As Madame Tussaud is for wax modelling, Kumartuli is for clay modelling. As Durga Puja came to be celebrated as 'sarbojanin' neighbourhood festival in Bengal, Kumartoli emerged as the most significant center of making clay models of Hindu deities. Situated in North Kolkata, Kumartoli, for decades, has been extremely dominated by men. The interference of women was strictly avoided. Possibly, such a prohibition could be derivative of Hindu Shastraic injunction against women reading religious texts. For long Hindu religion worshipped women but kept them at bay from playing a decisive role in the performance of religious rites.
Fortunately, times are changing. Slowly but definitely. Clay modelling is a profession in which men are the leading actors but women of Kumartuli are also showing off their brilliance.
Few women in Kumartuli are setting the example for others. China Pal, Mala Pal, Kanchi Pal and Kakoli Pal. They are not only breaking the stereotypes but also doing a good business in Kumartuli among male artisans.
Miniature foldable idols
Mala Pal has been single-handedly taking care of her family studio for the last 3 decades. Mala's brother gave up and did not join the family business. At the age of 15, she had to quit school and started making Durga idols. Despite all hardships and financial problems, Mala emerged as the unvanquished fighter. She has won several state award for her work. Especially, her miniature foldable idols are very famous, and even get exported to UK, Germany and Canada. She is also training young girls to join the profession.
China Pal was trained by her father Hemant Pal. Her father died in 1994 since then, it is China who has taken sole responsibility of her father's studio. She said, “After father's death, his regular customer came to me and that was very motivating”. She is now a very famous artisan in Kumartuli. She also mentioned that this business requires a lot of investment at the initial stage. In 2015, she made an androgynous sculpture for a transgender community named Pratyay Gender Trust.
For the first time in the history of the public celebration of Durga Puja, “Ardhanarishvara” idol was worshipped that was crafted by China.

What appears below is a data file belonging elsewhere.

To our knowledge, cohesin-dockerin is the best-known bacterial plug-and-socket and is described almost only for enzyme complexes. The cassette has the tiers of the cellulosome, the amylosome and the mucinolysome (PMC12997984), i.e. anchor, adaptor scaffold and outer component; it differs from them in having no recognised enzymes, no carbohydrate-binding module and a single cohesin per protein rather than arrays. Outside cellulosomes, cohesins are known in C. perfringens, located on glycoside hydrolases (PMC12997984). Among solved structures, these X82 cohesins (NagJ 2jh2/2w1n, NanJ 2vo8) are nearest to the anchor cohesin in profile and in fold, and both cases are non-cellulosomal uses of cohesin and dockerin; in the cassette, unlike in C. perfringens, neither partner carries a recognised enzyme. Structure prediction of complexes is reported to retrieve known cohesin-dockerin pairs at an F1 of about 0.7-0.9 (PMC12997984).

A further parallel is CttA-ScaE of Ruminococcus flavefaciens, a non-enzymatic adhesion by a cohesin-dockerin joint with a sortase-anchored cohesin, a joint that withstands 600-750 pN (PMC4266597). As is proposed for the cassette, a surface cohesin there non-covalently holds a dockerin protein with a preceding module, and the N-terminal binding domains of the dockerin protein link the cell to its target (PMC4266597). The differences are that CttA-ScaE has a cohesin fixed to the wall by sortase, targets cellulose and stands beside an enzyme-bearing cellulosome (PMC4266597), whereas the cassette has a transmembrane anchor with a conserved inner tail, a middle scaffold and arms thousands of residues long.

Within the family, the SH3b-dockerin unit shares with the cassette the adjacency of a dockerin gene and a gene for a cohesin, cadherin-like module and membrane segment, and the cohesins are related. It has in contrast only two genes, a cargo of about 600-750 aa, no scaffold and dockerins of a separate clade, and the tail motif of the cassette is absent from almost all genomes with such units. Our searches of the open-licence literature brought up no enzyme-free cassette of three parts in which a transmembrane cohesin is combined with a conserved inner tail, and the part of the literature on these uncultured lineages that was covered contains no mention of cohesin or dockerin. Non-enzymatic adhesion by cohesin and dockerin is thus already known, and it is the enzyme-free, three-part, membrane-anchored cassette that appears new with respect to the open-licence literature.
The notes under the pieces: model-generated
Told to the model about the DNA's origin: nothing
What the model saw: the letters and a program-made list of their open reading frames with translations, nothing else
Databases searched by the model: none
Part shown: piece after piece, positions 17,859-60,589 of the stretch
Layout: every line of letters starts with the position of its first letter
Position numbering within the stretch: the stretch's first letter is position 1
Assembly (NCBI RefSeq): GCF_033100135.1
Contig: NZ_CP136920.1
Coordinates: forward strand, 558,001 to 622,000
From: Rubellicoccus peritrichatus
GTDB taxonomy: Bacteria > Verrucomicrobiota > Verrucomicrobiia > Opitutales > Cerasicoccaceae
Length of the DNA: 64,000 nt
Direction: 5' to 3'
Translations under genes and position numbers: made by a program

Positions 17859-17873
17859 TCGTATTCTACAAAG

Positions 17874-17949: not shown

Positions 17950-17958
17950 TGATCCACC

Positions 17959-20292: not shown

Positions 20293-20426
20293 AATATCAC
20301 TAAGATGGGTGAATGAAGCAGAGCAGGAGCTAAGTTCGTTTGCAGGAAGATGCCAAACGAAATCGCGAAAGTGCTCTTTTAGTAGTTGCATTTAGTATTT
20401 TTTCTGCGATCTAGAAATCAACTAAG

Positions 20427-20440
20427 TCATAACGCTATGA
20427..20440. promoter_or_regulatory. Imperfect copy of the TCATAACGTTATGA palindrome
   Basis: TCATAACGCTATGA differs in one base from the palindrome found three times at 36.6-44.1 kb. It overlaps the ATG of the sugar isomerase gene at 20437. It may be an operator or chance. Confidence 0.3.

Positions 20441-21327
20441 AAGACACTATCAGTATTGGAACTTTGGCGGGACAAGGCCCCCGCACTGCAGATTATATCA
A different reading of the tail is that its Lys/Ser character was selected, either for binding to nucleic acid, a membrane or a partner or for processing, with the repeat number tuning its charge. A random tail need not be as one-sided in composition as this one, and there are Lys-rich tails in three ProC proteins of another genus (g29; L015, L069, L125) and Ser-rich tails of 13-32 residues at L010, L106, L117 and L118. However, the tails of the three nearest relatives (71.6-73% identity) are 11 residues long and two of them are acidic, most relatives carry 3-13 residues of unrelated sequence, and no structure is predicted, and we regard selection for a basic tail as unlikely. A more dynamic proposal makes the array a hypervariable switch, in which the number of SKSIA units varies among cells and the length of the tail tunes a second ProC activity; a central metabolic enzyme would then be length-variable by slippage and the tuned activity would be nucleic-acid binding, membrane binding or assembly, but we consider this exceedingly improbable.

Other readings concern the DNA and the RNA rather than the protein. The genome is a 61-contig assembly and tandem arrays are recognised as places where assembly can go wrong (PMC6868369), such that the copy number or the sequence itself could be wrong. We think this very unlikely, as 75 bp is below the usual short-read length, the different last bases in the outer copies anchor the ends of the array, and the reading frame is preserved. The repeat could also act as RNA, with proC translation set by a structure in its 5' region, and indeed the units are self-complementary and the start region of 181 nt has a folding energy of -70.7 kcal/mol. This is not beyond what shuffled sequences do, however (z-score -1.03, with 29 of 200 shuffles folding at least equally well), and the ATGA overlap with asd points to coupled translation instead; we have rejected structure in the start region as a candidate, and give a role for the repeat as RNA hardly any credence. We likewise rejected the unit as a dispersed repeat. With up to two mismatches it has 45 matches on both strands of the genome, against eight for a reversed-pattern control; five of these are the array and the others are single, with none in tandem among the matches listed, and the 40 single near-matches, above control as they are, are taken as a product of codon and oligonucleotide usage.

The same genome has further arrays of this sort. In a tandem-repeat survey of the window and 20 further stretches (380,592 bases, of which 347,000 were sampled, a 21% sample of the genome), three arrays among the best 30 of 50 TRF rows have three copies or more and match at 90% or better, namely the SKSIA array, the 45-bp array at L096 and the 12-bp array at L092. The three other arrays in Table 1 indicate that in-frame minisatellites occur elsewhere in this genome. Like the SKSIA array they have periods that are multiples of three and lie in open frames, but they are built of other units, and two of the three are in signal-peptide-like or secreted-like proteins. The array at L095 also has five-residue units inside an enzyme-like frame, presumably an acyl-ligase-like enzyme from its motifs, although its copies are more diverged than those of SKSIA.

Archana Pal took care of the studio when her husband Nrisimha Pal died. She then trained her daughter Kanchi Pal, and now Kanchi is standing neck to neck with other male artisans. She is giving definitely a stiff competition to others. Kanchi advocates the participation of a larger number of women idol-maker in the Kumartoli workforce.
Narrow and congested lanes of Kumartuli is a workplace for another women clay modeller Kakoli Pal. Kakoli doesn't have a studio. “I have appealed to local authorities to provide me with a studio on rent”, she said. She went through a lot of difficult time when her husband died and left her alone with two other children. She doesn't have any training in idol-making. She was just married off to a male artisan of Kumartuli. Pushed by misfortune, Kakoli just took a plunge in the profession of idol-making for her survival as well as that of her two daughters. And she pulled it off.
Kakoli also said, “I cannot go to remote places to fetch material that is required for idol-making because of safety issues.”
Mala, China, Kakoli and Kanchi, these women are making it really big in the eccentric and male-dominated profession and walking a path-less-taken and, thus, slowly removing the gender gap that exists in the craft and business of clay modelling.